Diary: What price to dine with the Prime Minister?

 

Donations of £250,000 a year will buy you dinner with David Cameron, the Conservative Party co-treasurer Peter Cruddas told undercover reporters in March. He had to resign as soon as his words – which Mr Cameron described as "completely unacceptable" – appeared in The Sunday Times.

But judging from the latest figures released yesterday by the Electoral Commission, where Mr Cruddas got it wrong was that he set the price too high. Labour researchers went through the list of Tory donors from the first three months of this year and found nine who are known to have been the Prime Minister's guests at lunches or dinners in Downing Street or Chequers. The amounts they donated over the quarter ranged from £12,500, which the Swiss-born stockbroker Henry Angest donated through Flowidea, a company he controls, to £183,950, given by the hedge-fund manager, Michael Farmer, a party co-treasurer. Other donor-diners were Anthony Bamford, whose companies gave £25,000 and £70,000; the billionaire Michael Hintze, who gave £41,500; the financier Howard Leigh, who gave £16,500; the hedge-fund manager Sir Paul Ruddock, who gave £50,000; the City tycoon and former Tory treasurer Michael Spencer, who gave £82,723; Ian Taylor, who heads the world's largest oil trader, Vitol, who gave £35,000; and Stanley Fink, a Tory peer and hedge-fund manager, who gave £43,240.

Mr Cruddas, who founded the online trading company CMC, is not among those listed as having eaten at Mr Cameron's table, despite being the most generous donor of the lot. He gave £215,243.90.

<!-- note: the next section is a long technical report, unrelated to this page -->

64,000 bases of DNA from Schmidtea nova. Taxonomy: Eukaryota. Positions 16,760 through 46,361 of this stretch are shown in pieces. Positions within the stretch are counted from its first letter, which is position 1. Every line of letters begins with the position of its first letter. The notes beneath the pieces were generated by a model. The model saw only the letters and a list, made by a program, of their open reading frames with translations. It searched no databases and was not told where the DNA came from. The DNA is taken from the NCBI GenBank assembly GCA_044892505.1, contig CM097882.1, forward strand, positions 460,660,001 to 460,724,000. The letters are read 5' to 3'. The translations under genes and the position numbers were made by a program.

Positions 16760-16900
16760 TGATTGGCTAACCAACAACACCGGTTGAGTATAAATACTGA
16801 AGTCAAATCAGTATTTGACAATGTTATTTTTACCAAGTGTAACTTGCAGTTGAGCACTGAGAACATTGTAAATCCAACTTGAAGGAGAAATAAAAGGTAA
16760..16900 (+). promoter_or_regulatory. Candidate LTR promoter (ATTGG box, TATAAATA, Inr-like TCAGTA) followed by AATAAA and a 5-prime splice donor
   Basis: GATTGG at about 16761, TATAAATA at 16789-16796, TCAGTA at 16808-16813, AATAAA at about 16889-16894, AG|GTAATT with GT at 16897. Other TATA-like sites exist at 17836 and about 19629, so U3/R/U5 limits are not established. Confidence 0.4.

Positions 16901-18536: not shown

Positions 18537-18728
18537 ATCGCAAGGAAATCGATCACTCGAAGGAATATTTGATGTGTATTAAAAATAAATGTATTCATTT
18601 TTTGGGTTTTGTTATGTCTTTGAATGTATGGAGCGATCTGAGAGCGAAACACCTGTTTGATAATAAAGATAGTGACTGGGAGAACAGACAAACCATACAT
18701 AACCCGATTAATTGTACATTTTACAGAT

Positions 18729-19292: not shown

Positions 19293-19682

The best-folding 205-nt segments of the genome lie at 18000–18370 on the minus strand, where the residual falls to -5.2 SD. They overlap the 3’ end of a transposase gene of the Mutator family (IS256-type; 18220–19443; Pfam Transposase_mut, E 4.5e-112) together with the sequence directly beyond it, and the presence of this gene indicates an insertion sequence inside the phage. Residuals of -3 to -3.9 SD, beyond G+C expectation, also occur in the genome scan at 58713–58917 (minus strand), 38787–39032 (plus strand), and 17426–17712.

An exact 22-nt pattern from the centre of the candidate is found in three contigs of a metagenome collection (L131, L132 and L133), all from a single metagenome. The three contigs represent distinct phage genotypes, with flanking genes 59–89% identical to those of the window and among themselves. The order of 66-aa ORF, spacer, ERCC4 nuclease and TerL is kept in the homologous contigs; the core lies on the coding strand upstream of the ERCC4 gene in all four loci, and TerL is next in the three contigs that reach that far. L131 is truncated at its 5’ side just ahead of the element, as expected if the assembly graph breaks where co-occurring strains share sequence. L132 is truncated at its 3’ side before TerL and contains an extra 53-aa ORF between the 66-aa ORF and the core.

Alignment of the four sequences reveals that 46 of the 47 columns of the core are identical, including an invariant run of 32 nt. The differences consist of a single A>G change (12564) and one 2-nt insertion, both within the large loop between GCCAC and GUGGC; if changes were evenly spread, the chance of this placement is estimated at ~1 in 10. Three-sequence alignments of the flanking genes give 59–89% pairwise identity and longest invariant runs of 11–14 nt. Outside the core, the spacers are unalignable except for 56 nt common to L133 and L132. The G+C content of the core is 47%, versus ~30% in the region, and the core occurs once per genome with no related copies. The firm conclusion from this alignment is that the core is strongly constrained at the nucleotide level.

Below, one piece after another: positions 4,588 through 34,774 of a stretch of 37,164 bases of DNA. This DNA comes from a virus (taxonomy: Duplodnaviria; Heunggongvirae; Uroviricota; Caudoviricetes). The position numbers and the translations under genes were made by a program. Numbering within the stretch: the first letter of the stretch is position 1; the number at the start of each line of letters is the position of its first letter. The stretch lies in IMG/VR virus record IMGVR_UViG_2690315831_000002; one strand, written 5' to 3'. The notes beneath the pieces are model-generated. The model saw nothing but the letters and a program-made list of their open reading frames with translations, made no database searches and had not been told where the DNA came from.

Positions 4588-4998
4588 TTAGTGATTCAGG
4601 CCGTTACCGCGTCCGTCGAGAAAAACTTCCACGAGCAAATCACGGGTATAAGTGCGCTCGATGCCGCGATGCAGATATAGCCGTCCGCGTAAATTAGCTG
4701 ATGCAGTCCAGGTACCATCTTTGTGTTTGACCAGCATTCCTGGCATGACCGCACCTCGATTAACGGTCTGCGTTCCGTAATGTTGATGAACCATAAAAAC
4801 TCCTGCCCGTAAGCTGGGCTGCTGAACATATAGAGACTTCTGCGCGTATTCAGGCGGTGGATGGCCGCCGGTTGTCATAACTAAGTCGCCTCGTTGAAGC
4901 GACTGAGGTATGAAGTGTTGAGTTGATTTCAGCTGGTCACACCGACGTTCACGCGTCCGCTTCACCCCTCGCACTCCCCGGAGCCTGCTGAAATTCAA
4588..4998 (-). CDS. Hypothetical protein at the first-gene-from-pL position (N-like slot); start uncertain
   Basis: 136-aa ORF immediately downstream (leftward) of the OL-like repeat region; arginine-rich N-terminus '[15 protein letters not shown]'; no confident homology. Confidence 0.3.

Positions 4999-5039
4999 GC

Plagiarism? Clegg just failed, again

Compare and contrast: "We must reject the snobbery that says the only route to social mobility runs through University... We need to ensure vocational education is seen as just as much of a gold standard as academic education." So said Ed Miliband, speaking to the Sutton Trust on Monday.

"For too long there's been a barely disguised snobbery that says once you leave school, the only good thing to do is go to university. We have to value vocational education just as much as academic studies." So Nick Clegg wrote in the The Sun yesterday.

Labour is suggesting that the Deputy Prime Minister is guilty of plagiarism – especially as he too gave a speech to the Sutton Trust on social mobility, but never mentioned vocational training. Perhaps it is simply a case of great minds.

Our bark can be worse for a bite

Alfred Harmsworth, founder of the Daily Mail, is reputed to have said that when a dog bites a man it is not news, but when a man bites a dog, it is. I am not sure where that leaves the warning issued this week by Hackney Council about the environmental damage caused by dogs biting and scratching trees.

Not hanging around...

The ever restless Ben Fogle – adventurer, writer and TV presenter – has found an original way to deal with the mid-life crisis that will inevitably be upon him when he hits 40 next year. He is proposing to swim across the Atlantic for charity, carrying sensors to allow scientists to study the ocean surface. He tells me that it will not happen until next year, but he is going public today to stop himself having second thoughts.

Start your day with The Independent, sign up for daily news emails
Latest stories from i100
Have you tried new the Independent Digital Edition apps?
Independent Dating
and  

By clicking 'Search' you
are agreeing to our
Terms of Use.

iJobs Job Widget
iJobs People

Recruitment Genius: Office Manager